Dining Plan

<p>I'm not gonna lie, I eat A LOT, being active in sports and the like. I was wondering, for freshman is there an unlimited meal plan?</p>

<p>buffet style food at the freshman "marketplace", and 330-430$ in food points to be spent at on campus restaurants that you can refill without even telling your parents (automatically charges your bursars account)</p>

<p>The freshman dining area, the "marketplace", is all-you-can eat buffet style, during breakfast and dinner hours. You have 12 swipes you can use, 5 for breakfast, and 7 for dinners. During lunch however, you'll have to use your meal points to get food. If you ever run out of food points, you can always add more later on as the semester progresses.</p>

<p>However, you or your parents will have to pay for the additional food points. It will be posted on our semester tuition/room and board bill (which is what Ballinallday means by Bursar).</p>

<p>no unlimited swipes?</p>

<p>Now the real question: How good is the food?</p>

<p>My interviewer told me it's extremely good, better than most schools.</p>

<p>You get 5 breakfast swipes to the marketplace (Monday to Friday). If you miss breakfast at the marketplace, you get a $4 credit that you can use at the Great Hall (West Campus) for breakfast or a $4 credit for lunch at the marketplace. You can only use the $4 credit on the same day and you have to tell the cashier that you missed breakfast (I did the mistake of never telling a few times, and I had to pay extra).</p>

<p>You also get 7 dinner/brunch swipes (Monday to Sunday). Brunches are only on the weekends (there's no breakfast during weekends), and dinner is held throughout the week.</p>

<p>To fill in the rest of your meals, you're supposed to use food points. This is where your food plan varies from other students. Every student has the same 5-7 swipes every week, but how many food points you have depends on the plan you choose.</p>

<p>Now about the actual quality of marketplace food...it's decent. But it gets tired really fast. The food's the same average quality every single day, but ig it is better than most colleges.</p>

<p>Hope this helps.</p>

<p>I heard someone mention there were fast food chains on campus. Do they do food points?</p>

<p>How does financial aid factor into the dining plan? Is it part of the EFC, grant,work study, or is it a seperate fee?</p>

<p>Sent from my HTC Vision using CC App</p>

<p>Yes, all the fast food chains on campus (e.g. McDonald's, Subway, Chick-fil-A, and Panda Express) all accept food points. Some of the off-campus delivery places, such as Dominoes, also accept food points too (this program is called Merchants on Points... you can google it and find out more).</p>

<p>Concerning Marketplace (freshman dining hall) food...</p>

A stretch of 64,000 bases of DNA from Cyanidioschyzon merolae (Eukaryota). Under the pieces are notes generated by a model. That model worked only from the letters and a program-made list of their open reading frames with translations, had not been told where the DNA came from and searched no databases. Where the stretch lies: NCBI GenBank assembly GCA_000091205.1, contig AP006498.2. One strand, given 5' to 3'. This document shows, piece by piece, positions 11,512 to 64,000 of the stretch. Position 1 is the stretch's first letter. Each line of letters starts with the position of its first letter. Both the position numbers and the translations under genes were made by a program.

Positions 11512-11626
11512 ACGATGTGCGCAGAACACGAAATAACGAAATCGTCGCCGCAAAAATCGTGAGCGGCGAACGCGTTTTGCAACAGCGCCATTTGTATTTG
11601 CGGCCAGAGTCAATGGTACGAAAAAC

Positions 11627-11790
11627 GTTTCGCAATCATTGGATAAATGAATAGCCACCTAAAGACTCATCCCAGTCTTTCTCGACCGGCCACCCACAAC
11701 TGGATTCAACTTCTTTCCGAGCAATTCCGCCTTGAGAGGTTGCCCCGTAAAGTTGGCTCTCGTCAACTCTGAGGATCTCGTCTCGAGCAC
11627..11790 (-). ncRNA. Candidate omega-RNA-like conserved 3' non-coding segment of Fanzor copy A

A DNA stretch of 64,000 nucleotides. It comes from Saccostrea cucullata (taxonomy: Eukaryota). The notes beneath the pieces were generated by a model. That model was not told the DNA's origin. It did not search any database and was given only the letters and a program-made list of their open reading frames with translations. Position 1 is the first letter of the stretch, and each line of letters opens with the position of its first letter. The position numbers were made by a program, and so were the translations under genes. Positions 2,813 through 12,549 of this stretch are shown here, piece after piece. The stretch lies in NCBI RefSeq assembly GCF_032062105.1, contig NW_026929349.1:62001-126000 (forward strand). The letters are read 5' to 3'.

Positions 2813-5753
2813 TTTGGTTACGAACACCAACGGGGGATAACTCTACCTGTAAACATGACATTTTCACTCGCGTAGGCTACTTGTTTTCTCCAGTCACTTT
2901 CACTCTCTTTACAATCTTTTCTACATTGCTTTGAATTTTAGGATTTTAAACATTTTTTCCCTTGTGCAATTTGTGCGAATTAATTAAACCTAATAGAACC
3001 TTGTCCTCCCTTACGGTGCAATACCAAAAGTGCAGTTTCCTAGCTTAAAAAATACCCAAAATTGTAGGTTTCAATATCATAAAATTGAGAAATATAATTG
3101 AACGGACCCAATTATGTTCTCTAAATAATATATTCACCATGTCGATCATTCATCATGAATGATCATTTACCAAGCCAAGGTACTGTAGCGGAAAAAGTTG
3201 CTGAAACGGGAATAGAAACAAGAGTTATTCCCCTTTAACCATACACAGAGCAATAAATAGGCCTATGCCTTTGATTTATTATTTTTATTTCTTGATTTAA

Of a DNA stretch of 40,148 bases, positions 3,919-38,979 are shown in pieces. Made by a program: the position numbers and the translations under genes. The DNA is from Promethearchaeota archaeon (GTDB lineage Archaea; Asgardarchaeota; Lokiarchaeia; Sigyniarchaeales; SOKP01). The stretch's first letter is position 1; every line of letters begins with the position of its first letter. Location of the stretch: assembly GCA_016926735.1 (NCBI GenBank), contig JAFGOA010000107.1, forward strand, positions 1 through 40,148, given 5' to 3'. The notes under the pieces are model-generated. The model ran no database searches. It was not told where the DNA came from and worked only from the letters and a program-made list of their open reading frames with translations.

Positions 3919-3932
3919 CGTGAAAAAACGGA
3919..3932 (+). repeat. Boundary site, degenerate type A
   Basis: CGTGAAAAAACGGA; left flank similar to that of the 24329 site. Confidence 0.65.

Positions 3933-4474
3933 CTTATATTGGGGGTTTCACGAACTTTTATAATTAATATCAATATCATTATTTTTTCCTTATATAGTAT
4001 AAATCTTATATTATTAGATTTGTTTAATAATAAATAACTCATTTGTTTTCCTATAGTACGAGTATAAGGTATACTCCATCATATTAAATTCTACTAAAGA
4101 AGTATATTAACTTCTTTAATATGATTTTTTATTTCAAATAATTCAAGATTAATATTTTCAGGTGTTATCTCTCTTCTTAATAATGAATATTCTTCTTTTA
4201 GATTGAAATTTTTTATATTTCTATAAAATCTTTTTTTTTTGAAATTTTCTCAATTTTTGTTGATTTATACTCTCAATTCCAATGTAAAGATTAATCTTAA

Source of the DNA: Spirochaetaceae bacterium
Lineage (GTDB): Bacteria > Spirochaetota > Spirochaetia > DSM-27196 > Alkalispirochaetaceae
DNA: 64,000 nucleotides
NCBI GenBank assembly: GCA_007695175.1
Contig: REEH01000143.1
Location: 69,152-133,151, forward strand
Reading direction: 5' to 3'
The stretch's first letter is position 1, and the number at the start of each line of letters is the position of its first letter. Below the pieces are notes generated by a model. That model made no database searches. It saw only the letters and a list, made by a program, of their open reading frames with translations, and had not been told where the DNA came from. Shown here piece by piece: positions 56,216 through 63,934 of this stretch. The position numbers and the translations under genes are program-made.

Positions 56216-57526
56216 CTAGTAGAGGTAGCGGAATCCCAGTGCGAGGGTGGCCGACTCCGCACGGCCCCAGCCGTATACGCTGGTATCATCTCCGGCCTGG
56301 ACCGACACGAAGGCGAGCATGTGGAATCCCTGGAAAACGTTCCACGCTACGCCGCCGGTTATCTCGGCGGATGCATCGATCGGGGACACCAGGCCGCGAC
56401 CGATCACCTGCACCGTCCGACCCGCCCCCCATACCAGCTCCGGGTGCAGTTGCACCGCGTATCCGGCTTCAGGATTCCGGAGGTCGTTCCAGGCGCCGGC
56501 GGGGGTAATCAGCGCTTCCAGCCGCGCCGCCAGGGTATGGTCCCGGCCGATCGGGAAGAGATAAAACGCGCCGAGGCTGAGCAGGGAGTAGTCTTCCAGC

<p>Many people complain that the food is mediocre and not that great, but I disagree. If you're willing to try new things, you'll enjoy every meal. </p>

<p>Breakfast:
There's the typical bacon, eggs, sausage, hash browns, cereal, bagels, and fruit that's simple and good. There's also an omelet station and yogurt station (my favorite) which on weekends (during brunch) includes a mixture of blueberries, blackberries, raspberries, and/or strawberries . On weekdays I typically have scrambled eggs, vegan sausage (because it's delicious, not because I'm vegan), and a bowl of yogurt with strawberries and granola. I love my breakfasts :) </p>

<p>Lunch:
There're numerous options for lunch, and it's not hard to find something that suits what you want. I usually just grab a bagel from Alpine. </p>

<p>Dinner:
The options vary from day to day, but typically there's a pasta station (decent), pizza, asian food (not popular), a taco/gyro/hamburger station, salad bar, and a central station that changes every day (usually good). The vegetables are diverse (collard greens, braised kale, sweet potatoes, spinach) and often locally grown. If nothing appeals to you, there's always cereal and the option to make a PBJ. I usually have about 6 different things on my plate at dinner. </p>

<p>You use meal swipes to pay for breakfast, dinner, and brunch. You have 5 swipes for a possible 5 breakfasts (Mon-Fri); and on days you skip breakfast, you receive a $4 credit to use at the Marketplace for lunch, which is a la carte. For dinner/brunch you have 7 swipes to use on a possible 9 meals (7 dinners and 2 brunches which are only on Sat/Sun), so you'll need to make up 2 meals per week elsewhere. It seems complicated, but you'll pick it up quickly once you get here.</p>

<p>The only difference between the freshman meal plan options are the number of food points initially on your account. I recommend buying the cheapest meal plan and adding food points as needed. This way, you won't end up with unused food points at the end of the year. Food points roll over from semester to semester, but not from year to year.</p>

<p>I know this was a more comprehensive response than you were probably looking for, but hopefully it'll help someone :)</p>

<p>Unused food points at the end of the year should still garner some sort of refund (or at least they used to). When I had a meal plan it was 100% of the first $100 and 50% of anything above that.</p>

<p>Unused food points are now not refunded and disappear at the end of the year.
Yes, it sucks.</p>

<p>Damn, I guess they weren't kidding when they said that the dining plans aren't making money. Oh well, given how few food points are in the freshmen plans last I checked, it's not like you'll have any left at the end of the year anyway. If you do, then a few trips to WaDuke should take care of that, or I usually indulged my tastes for calamari :D</p>

<p>^Filet mignon, mmmmm...</p>